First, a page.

It was a pattern that many researchers had noticed—children in developing countries born at certain times of the year are taller for their age than others.
William Masters, a professor at the Friedman School, wanted to know more, specifically how stress in utero affects children later in life. What he and his colleagues found instead was a widespread flaw in the data that researchers have relied on for two decades to understand childhood malnutrition.
Many of the surveys used for collecting information on children’s growth in developing countries, they found, have more error in children’s birth months than their birth years. As a result, observed differences in height by season of birth may not be due to climate-related fluctuations in nutrition or infections, as previously assumed, but to the fact that children classified as born early in the calendar year are actually younger than reported, while those reported to be born late in the year are in fact older.
Correctly classifying children’s age in months is important for the accuracy of a key child health indicator, the height-for-age score. The score, a standard measure comparing a child’s height to that of healthy peers, is commonly used to indicate malnutrition and allocate global aid.
"What we found suggests there may be significant measurement error associated with much of the literature regarding factors that influence childhood development"
Then they devised an algorithm to fix the problem. “What we found suggests there may be significant measurement error associated with much of the literature regarding factors that influence childhood development,” Masters said. “Correcting for measurement error can help us see country-specific patterns and more clearly identify areas for focusing our efforts to help children.”
Tufts Now recently spoke with Masters about the discovery and the correction formula that he and his colleagues have devised. The findings were recently published in separate studies in Demography and the American Journal of Clinical Nutrition.
Tufts Now: How did you go about unraveling this phenomenon?
William Masters: We came across this finding accidentally while trying to learn more about a pattern that researchers have observed from survey data in the developing world, that children born at certain times of the year are taller for their age than others. This seasonality in attained height was thought to be caused by seasonal variations in climate, employment, and agriculture affecting the child in utero and early infancy.
My own and others’ previous research on birth season differences focused on individual countries in Africa and South Asia. We wanted to identify how richer countries are able to protect infants from seasonality in the weather, so we took height-for-age scores and reported month of birth for nearly one million children from sixty-two different countries and plotted them on a graph. The United States Agency for International Development paid for these data, so they’re in the public domain.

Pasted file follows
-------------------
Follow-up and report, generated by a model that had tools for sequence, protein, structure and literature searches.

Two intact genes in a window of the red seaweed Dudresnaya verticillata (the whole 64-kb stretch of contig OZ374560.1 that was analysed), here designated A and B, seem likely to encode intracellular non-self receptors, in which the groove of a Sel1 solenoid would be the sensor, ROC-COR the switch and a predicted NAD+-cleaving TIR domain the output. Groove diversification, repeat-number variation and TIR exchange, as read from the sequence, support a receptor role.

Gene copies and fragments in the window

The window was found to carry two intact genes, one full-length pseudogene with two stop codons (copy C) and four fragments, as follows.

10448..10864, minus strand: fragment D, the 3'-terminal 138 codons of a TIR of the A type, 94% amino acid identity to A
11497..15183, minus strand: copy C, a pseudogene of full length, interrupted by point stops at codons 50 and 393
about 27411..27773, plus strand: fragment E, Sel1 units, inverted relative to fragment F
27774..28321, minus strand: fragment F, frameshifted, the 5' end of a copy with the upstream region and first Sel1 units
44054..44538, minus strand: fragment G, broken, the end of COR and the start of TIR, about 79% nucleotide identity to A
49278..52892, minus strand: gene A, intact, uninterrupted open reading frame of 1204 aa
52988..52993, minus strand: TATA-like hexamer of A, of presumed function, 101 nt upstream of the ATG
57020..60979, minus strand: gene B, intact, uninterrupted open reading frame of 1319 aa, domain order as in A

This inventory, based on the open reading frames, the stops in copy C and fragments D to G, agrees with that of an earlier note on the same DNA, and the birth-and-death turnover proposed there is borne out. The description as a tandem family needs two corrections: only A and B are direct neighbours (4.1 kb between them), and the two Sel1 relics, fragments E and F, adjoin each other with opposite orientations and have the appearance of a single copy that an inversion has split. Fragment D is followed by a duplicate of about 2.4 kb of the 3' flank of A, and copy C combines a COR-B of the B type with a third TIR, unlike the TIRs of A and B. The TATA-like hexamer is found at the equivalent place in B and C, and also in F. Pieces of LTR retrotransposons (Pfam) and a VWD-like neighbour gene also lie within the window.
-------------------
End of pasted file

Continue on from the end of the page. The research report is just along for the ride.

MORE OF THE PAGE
Was there an “aha” moment when your realized what was happening?
The puzzle jumped out at us right away. In the global data, with so many observations, we saw a straight upward line showing children born later in each calendar year to be taller. Despite different climates around the world, we saw children born in January to be the smallest, with slight increases in height for age among those born in February, March, and each successive month with the tallest children being those reported as born in December. The graph looked like a sawtooth, rising smoothly from month to month, followed by an abrupt drop in attained height from December to January.
What we saw in the global data could not be true seasonality. In previous studies with smaller sample sizes, the fluctuations by month of birth were less smooth and could be due to real fluctuations in harvests and the disease environment. This global sawtooth pattern was surely the result of measurement error, but could not be explained by any of the known problems in survey data such as heaping, in which people report age in round numbers or record births around memorable dates, or discontinuity caused by switching between measuring infants’ length lying down to measuring older children’s height when they’re standing up.
The first aha moment was realizing that the sawtooth pattern was an artifact of measurement, not real seasonality. We then stared at the data for a long time, trying different explanations. In the end, the simplest theory worked best, reproducing the sawtooth when some of the surveyed children have randomly scrambled birth months within their birth year.